Leading by “leaning in” and “lifting up” can be exhausting but it is essential to accomplish the Bold Goals and mission of HCP: to improve health, wellbeing, and health equity in the Mahoning Valley. As Angela Davis so assuredly and succinctly put it— “You have to act as if it were possible to radically transform the world. And you have to do it all of the time.” This may sound, well, radical, but what HCP is really trying to achieve is transformation. And, again, it will take all of us in order to achieve it.
United States Centers for Disease Control Center for Health Leadership and Practice NLAPH Logo
So, without any more ado, the moment of the month: Celebrating the start of HCP’s involvement in the National Leadership Academy for Public Health program.
In late December 2020, as the cold and darkness of winter in a cold dark year descended upon us, HCP received a bright spot of good news: HCP was selected to be a part of the National Leadership Academy for Public Health program, which is a national initiative from the U.S. Center for Disease Control and Prevention’s Center for Health Leadership and Practice. Four representatives from HCP participated in the kick-off of the newest Cohort of NLAPH leaders on Thursday, January 28.
The National Leadership Academy for Public Health “provides the training to be leaders who can more effectively respond to today’s needs and meet tomorrow’s challenges.” A brief description of the program:
The National Leadership Academy for the Public’s Health (NLAPH) began in 2011 to provide training to four-person multi-sector teams from across the country to advance their leadership skills and achieve health equity in their community. Funded by the Centers for Disease Control and Prevention, the one-year program uses an experiential learning process that includes webinars, a multi-day retreat, coaching support, peer networking, and an applied population health project.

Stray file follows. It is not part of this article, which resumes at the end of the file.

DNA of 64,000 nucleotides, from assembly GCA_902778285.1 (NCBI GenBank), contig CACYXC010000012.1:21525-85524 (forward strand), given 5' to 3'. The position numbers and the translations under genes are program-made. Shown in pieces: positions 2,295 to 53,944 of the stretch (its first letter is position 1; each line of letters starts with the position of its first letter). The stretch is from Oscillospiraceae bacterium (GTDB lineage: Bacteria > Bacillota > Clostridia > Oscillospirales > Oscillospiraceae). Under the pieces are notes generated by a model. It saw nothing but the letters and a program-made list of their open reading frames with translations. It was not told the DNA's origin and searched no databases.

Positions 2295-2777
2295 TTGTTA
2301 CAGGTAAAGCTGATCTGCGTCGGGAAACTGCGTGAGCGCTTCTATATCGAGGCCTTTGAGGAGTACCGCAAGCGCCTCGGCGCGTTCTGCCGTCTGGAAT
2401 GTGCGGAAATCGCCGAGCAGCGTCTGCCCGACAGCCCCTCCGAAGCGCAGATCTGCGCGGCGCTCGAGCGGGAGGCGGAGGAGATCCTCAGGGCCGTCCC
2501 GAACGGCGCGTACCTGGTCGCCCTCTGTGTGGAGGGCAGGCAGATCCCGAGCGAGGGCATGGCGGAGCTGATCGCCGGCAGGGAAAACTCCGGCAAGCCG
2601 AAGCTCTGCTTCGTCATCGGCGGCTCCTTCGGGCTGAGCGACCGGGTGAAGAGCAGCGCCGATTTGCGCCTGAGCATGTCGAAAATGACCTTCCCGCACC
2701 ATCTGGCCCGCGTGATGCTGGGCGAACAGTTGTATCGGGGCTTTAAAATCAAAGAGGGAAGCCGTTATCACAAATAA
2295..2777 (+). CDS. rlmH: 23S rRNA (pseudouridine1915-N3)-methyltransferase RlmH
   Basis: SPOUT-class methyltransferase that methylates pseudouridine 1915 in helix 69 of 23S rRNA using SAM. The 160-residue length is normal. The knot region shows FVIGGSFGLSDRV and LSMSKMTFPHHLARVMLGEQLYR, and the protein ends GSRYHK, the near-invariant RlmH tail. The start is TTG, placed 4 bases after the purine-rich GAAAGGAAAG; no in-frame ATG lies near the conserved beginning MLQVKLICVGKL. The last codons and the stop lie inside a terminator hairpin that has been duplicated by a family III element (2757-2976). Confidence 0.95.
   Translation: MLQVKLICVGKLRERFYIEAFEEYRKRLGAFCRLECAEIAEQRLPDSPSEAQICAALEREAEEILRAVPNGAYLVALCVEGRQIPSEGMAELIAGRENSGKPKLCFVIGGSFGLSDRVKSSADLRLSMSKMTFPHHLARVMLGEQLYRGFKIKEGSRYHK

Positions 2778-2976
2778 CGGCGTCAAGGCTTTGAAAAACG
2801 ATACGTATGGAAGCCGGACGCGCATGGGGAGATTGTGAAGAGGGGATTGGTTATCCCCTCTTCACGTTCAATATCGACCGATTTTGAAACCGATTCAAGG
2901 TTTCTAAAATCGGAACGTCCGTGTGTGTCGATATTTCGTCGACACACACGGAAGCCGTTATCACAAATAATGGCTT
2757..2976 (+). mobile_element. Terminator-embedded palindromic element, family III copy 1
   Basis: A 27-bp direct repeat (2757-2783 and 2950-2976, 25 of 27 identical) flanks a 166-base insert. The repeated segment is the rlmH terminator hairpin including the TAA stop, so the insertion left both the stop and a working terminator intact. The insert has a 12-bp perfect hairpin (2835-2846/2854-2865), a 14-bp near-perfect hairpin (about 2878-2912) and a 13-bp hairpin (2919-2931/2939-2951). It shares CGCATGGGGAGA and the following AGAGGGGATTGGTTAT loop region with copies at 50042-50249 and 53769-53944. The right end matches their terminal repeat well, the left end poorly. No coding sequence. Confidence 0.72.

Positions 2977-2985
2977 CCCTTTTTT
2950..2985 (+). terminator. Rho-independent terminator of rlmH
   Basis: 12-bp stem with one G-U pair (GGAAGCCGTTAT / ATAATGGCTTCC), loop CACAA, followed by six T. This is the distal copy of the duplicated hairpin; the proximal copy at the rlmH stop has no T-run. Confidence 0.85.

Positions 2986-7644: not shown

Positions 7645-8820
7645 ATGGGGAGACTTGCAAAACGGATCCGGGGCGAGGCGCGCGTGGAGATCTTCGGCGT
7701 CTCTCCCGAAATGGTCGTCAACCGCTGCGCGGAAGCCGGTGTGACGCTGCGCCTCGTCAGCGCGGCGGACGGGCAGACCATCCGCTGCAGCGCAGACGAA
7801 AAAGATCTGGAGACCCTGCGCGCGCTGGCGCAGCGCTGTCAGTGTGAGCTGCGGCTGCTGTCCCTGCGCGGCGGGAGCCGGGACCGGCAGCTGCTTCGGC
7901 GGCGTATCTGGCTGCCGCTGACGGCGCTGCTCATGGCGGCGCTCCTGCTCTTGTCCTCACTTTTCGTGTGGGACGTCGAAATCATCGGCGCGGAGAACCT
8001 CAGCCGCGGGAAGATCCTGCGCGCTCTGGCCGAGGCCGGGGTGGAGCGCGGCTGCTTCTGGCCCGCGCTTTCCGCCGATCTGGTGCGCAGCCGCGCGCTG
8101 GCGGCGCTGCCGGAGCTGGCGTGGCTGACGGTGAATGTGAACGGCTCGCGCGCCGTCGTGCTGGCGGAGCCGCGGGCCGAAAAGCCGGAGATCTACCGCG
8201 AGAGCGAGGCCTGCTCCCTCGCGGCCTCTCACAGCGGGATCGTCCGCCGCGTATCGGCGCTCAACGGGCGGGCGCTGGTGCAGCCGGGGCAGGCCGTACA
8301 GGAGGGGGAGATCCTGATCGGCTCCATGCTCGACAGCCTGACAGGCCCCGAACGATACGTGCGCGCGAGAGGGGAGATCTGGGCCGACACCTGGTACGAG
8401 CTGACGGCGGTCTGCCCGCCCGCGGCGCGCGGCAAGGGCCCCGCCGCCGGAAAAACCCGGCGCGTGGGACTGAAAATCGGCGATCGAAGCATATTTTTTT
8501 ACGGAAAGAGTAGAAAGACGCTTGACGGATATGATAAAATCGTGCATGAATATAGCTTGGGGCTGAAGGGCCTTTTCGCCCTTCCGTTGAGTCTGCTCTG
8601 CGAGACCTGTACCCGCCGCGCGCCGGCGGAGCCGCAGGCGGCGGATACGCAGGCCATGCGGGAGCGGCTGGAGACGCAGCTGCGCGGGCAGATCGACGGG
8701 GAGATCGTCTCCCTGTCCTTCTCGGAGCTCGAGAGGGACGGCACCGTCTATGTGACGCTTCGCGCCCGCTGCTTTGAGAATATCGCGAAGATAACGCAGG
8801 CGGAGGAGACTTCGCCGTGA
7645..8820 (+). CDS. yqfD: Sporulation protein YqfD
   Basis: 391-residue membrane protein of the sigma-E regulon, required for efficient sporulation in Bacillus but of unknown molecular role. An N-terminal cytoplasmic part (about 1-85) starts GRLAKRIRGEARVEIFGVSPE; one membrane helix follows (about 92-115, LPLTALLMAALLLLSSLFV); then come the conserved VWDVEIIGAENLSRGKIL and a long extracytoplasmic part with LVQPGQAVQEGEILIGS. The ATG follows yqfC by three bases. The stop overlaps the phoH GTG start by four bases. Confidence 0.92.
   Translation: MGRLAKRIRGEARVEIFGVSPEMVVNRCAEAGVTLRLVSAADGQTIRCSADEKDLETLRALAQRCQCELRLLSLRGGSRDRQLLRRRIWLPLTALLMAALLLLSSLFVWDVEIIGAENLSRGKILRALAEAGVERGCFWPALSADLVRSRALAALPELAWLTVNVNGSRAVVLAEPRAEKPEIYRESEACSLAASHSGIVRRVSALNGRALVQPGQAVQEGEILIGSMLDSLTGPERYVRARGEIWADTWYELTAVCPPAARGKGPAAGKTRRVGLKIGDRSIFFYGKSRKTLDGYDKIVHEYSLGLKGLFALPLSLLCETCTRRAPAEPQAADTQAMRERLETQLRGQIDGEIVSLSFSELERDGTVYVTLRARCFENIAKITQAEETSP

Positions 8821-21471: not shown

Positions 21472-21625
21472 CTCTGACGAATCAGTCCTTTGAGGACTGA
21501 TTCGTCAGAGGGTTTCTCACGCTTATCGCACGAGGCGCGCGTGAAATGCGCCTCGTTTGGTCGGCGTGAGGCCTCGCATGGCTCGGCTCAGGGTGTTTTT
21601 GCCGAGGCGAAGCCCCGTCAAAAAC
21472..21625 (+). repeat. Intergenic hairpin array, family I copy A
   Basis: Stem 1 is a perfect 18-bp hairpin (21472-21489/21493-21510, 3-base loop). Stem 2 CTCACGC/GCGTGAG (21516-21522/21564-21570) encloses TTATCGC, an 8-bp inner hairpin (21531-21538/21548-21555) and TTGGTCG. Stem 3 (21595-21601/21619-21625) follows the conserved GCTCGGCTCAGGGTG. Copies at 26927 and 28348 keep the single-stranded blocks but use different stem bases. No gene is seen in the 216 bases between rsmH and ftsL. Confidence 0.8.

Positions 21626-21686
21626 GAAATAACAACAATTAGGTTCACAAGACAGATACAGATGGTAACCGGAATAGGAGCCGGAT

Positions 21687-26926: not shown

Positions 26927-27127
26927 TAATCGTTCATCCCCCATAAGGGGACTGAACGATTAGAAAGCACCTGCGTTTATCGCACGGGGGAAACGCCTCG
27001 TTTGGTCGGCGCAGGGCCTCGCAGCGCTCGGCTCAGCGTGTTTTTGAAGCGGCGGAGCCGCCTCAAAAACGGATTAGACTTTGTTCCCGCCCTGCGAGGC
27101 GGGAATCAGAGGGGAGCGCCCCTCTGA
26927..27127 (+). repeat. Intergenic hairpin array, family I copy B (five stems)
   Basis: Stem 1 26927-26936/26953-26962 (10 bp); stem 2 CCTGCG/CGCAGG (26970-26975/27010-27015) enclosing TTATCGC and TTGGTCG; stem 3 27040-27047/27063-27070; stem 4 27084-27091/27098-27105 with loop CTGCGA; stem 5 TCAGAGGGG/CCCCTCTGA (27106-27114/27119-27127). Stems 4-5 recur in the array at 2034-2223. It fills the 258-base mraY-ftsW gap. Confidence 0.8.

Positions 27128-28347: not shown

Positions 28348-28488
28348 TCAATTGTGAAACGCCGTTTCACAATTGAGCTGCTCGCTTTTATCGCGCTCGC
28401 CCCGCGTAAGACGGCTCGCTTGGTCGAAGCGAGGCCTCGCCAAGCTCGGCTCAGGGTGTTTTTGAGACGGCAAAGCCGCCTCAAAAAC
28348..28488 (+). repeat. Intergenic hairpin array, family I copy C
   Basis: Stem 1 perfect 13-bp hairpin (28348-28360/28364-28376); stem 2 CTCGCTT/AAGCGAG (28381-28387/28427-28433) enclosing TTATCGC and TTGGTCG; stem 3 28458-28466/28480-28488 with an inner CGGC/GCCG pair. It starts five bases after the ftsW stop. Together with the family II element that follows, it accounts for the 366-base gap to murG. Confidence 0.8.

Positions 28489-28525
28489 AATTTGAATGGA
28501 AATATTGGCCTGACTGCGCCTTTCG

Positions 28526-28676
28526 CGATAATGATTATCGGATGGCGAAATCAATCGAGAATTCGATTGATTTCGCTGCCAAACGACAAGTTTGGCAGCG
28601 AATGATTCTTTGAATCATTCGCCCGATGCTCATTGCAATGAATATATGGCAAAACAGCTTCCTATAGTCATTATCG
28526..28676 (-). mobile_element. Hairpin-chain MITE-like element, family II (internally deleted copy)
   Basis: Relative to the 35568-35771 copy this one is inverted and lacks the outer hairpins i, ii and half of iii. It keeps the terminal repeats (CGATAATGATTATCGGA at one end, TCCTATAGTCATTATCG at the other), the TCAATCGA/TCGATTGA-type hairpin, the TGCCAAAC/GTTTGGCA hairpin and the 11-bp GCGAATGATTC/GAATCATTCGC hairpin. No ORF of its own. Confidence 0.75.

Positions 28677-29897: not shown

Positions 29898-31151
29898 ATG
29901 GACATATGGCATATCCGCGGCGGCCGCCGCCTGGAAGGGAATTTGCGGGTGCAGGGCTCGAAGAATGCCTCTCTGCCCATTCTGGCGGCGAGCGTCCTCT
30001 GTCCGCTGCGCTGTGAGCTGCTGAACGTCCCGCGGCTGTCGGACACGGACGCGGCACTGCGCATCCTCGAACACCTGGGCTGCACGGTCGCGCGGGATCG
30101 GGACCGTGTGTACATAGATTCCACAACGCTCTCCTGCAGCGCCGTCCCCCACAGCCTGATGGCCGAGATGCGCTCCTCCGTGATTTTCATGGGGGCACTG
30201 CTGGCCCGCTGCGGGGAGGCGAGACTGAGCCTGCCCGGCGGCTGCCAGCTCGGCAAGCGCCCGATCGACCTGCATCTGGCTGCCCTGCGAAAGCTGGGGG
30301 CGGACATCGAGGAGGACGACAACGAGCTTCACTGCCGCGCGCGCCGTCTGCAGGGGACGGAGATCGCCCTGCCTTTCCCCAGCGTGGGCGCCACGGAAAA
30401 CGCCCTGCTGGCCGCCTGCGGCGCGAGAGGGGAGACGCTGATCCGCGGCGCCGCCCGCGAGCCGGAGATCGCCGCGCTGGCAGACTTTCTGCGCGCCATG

Our approach to transforming communities into healthier environments emphasizes multi-sector leadership development. By identifying leadership capabilities that individuals and communities can take to improve their health, and then scaling those measures to impact a greater number of people, we aim to build leadership capacity and help disparate sectors work together and create healthy communities.
Over the 10 years the program has been active, the NLAPH has trained 1627 leaders, 179 teams, from 53 US States and Territories. And now, HCP is one of 14
HCP members sharing knowledge and problem solving at the 2020 HCP Collaborative Learning Summit
teams from across the country that make up the 10th Cohort.
The decision to go ahead and apply to the NLAPH program was made at nearly the 11th hour, but the potential benefits to HCP for participating were worth the longer days and frantic emails. The team that was assembled was done so with great intention to ensure HCP was being fully represented and that we met the NLAPH requirements of a public health centered, multi-sector leadership team.
During a time and in a place where leadership is much needed, we are excited that HCP was accepted into the NLAPH program. Though HCP is represented by four members, the lessons learned, materials gathered, and skills developed will be shared and spread throughout the HCP network.
All HCP members are leaders, and this opportunity through NLAPH will help all of us lift up and lean in to each other and our shared work to create a healthier, more equitable Mahoning Valley.
Here are brief leadership snapshots of HCP’s representatives in the National Leadership Academy for Public Health program.
Cassandra Clevenger, Community Resource Coordinator, Trumbull Neighborhood Partnership: